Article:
What does regular brushing of your teeth do to your body?
PUBLISHED: 15:38 22 September 2010 | UPDATED: 17:51 20 February 2013
Everyone knows the importance of brushing twice a day to keep teeth fresh and clean, but just how much does regular brushing affect your body? Liz Barnett looks at the latest studies to find out more
As a child you are always told to brush your teeth every morning and night, but what effect does this actually have on our bodies? A study from the University College of London published in May this year found that those with poor oral hygiene have an increased risk of heart disease compared to people that brush their teeth twice a day.
It has been established that inflammation in the body, including the mouth and gums, can cause further problems such as clogged arteries and slow circulation which can ultimately be life threatening. Charlotte Wake (pictured above), Dental Therpist at the Meon Dental Practice in Petersfield says: It has already been established that there is a strong link between cardiovascular disease and poor oral hygiene. Research is continuing in this area and will be for many years to come, but obviously the maintenance of a healthy mouth through regular dentist and dental hygienist visits is paramount for general well being.
Brushing twice a day keeps the mouth protected from plaque and bacteria, which reduces gum disease and the chances of infection. Once the gums are infected the bacteria can work its way in to the bloodstream and begin to attack the rest of your body but when your gums are healthy, the bacteria in your mouth are broken down by your saliva and the chance for infection and inflammation is dramatically reduced.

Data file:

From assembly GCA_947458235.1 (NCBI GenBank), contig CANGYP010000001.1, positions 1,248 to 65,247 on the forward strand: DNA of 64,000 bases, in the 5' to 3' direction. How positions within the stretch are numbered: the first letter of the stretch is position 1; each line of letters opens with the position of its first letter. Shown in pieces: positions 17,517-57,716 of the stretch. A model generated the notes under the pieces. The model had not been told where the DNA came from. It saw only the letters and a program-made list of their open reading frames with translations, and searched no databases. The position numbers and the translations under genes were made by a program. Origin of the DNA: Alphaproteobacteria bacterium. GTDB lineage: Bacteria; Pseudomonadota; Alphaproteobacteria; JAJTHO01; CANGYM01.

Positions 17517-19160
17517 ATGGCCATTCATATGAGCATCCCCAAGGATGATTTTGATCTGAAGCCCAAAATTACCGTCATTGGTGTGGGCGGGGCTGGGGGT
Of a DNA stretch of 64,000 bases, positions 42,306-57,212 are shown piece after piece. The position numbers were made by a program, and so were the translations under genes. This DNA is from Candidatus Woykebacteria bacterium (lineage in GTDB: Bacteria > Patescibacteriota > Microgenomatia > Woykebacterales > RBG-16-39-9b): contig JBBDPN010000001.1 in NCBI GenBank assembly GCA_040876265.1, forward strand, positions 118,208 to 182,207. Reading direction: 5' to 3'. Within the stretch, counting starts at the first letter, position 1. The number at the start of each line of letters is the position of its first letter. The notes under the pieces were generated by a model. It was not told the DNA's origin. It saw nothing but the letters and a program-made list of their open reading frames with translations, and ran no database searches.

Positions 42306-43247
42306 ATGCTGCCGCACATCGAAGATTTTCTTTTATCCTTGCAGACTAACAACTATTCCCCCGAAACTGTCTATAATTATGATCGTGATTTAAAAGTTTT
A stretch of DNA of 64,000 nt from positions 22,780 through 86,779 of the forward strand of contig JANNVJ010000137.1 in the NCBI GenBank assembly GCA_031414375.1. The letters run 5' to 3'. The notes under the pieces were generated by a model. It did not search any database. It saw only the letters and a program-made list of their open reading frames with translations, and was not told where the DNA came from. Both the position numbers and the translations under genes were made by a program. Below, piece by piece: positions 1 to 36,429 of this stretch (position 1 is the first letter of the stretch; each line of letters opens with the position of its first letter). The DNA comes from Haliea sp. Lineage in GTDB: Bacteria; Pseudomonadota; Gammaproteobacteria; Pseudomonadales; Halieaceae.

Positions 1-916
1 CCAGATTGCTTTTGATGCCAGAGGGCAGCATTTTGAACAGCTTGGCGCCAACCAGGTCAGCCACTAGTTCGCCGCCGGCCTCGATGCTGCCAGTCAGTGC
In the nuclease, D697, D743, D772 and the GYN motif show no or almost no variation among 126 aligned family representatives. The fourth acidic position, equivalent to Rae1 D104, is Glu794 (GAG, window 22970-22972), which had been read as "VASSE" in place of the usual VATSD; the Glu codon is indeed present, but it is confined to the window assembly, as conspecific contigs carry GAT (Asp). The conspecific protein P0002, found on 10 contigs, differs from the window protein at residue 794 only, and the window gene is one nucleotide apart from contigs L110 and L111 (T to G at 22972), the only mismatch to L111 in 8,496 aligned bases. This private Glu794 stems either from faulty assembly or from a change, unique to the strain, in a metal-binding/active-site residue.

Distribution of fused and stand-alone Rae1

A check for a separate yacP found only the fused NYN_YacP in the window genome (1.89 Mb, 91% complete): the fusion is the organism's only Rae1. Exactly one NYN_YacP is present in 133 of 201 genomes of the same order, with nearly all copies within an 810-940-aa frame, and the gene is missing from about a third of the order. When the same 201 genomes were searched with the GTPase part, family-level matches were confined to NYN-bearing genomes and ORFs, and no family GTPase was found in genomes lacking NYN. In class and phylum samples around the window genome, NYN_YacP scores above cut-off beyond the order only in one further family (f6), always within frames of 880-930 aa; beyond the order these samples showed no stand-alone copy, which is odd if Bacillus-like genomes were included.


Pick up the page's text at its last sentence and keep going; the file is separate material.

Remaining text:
Regular brushing and flossing together with the use of a good mouthwash that contains fluoride will definitely help towards keeping your mouth germ free, but what else can we do to protect our bodies from the teeth down?
We all know the importance of good nutrition in terms of staying healthy and fit but what we eat also has a massive impact on our oral hygiene.
Our teeth are protected by enamel and dentine designed to shield the tooth from plaque and decay, foods and drinks that are high in acidity break down the enamel and expose the yellowy dentine which can lead to sensitivity and tooth decay. Try and avoid sugary or acidic foods in-between meals or chew a sugar-free gum to help the production of saliva.
To thoroughly clean your teeth it should take you around two minutes both in the morning and at night. You should choose a small-headed toothbrush and use short, gentle strokes paying particular attention to your gum line, hard to reach back teeth and any crowns or fillings as these are more susceptible to plaque build up and disease. There is evidence that some varieties of electric toothbrush are more effective at removing plaque than normal toothbrushes but it doesn't mean that you can cut corners, the way you brush your teeth and the length of time you spend is the most important factor.
Many of you have seen those horrific pictures on the side of cigarette packets that show the effects that smoking has on your teeth and gums and even drinking alcohol, especially with sugary mixtures, can lead to gum disease and even mouth cancer. Prolonged use of tobacco and alcohol can also weaken your immune system making it easier for the bacteria in your mouth to work its way in to the rest of your body, and so it is so important to maintain good oral health to ensure that your teeth and gums are given as much protection